d(x, y) \leq \max \{ d(x, z), d(y,z) \}

If one pause and think a bit, this is a quite weird condition: for example, all triangles in an ultrametric space are isosceles with the two same length edge both longer than the third edge; every point is the center of the ball, etc.

Exercise: Come up with an example of an ultrametric that’s not the discrete metric, on an infinite space.

Not so easy, hum? My guess: the first one you came up with is the space of all words in 2-element alphabet \Sigma_2, with the dictionary metric (two points are distance 2^{-n} apart where n is the first digit they differ), right?

In fact in some sense all ultrametrics look like that. (i.e. they are represented by an infinite tree with weights assigned to vertices, in the above case a 2-regular tree with equal weights on same level) Topologically our \Sigma_2 is a Cantor set and sits isometrically in l_2. It’s not hard to see in fact all such space embeds isometrically in l_2.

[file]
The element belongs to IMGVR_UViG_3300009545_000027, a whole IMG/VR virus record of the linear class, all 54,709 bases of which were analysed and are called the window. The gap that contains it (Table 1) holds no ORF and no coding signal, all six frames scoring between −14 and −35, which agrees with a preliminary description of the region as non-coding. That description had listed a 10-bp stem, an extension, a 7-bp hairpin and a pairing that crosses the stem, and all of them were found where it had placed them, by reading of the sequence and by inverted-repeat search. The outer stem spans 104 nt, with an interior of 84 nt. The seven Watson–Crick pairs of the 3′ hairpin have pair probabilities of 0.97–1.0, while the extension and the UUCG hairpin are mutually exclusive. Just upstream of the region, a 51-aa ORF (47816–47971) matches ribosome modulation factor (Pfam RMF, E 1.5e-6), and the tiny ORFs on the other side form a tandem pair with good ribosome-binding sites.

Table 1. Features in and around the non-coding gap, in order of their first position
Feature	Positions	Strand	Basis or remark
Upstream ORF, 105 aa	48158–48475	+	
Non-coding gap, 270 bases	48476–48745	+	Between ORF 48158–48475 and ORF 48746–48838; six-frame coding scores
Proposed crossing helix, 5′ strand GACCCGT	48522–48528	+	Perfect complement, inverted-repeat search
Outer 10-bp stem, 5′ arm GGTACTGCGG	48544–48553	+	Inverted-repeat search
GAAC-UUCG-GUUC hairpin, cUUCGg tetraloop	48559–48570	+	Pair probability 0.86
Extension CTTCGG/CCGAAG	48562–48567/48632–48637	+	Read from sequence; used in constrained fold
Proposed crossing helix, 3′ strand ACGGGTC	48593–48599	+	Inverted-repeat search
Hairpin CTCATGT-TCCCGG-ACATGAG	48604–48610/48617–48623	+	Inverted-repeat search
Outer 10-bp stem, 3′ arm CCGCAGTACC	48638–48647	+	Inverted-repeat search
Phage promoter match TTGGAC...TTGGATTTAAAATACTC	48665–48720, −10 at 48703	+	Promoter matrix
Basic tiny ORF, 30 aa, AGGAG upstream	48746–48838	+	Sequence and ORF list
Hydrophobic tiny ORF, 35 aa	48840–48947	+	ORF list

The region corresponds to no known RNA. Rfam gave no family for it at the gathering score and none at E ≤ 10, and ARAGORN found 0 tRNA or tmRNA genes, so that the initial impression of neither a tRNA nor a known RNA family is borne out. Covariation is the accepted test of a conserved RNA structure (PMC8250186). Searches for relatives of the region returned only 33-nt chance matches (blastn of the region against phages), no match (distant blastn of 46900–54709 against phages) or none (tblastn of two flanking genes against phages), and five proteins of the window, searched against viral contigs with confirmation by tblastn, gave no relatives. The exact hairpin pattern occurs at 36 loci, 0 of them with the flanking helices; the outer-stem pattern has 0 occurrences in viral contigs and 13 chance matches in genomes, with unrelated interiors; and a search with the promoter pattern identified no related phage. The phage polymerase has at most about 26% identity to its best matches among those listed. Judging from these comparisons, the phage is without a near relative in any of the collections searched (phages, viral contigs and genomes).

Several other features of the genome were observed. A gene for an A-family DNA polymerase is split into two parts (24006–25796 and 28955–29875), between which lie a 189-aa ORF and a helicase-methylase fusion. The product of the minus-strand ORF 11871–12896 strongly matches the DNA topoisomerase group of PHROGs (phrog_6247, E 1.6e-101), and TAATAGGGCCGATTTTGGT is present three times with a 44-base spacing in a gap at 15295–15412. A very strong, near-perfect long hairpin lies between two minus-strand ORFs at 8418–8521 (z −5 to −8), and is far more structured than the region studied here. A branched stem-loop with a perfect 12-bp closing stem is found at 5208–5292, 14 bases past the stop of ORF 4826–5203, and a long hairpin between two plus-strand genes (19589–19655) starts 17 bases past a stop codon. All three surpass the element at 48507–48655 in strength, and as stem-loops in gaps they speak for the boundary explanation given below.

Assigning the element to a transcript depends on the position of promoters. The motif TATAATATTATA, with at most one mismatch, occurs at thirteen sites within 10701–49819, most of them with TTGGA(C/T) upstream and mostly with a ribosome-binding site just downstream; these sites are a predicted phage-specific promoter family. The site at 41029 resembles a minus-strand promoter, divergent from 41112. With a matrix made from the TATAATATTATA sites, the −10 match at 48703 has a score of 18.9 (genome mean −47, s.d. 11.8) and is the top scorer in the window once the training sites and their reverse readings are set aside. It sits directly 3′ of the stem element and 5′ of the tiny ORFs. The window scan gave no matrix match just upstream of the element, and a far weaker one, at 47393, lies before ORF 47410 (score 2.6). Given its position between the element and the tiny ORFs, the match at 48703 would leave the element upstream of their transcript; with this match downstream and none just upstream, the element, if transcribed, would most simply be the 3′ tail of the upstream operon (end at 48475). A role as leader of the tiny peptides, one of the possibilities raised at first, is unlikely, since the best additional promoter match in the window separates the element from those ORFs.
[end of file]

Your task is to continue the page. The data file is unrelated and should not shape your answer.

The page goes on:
I just want to say that this operation of first construct an ultrametric space according to our given metric space, embed, and then embed the ultrametric metric space into the Hilbert space somehow reminds me of when we want to construct a measure satisfying a certain property, we first construct it on a Cantor set, then divide up the space and use the values on parts of the Cantor set for parts of the space…On this vein the whole problem gets translated to producing a tree that gives the ultrametric and work with the tree (by no means simple, though).

Finally, let’s see a cute statement which can be proved by applying this result:

Urbanski’s conjecture: Any compact metric space of Hausdorff dimension > n can be mapped surjectively [thanks to Tushar Das for pointing out the typo] onto the unit ball B_1^n by a Lipschitz map.

(note strictly larger is important for our theorem to apply…since we need to subtract an \varepsilon) and hence another cute statement that’s still not known:

Question: Does any compact metric space with positive Hausdorff n-dimensional measure maps Lipschitzly onto B_1^n?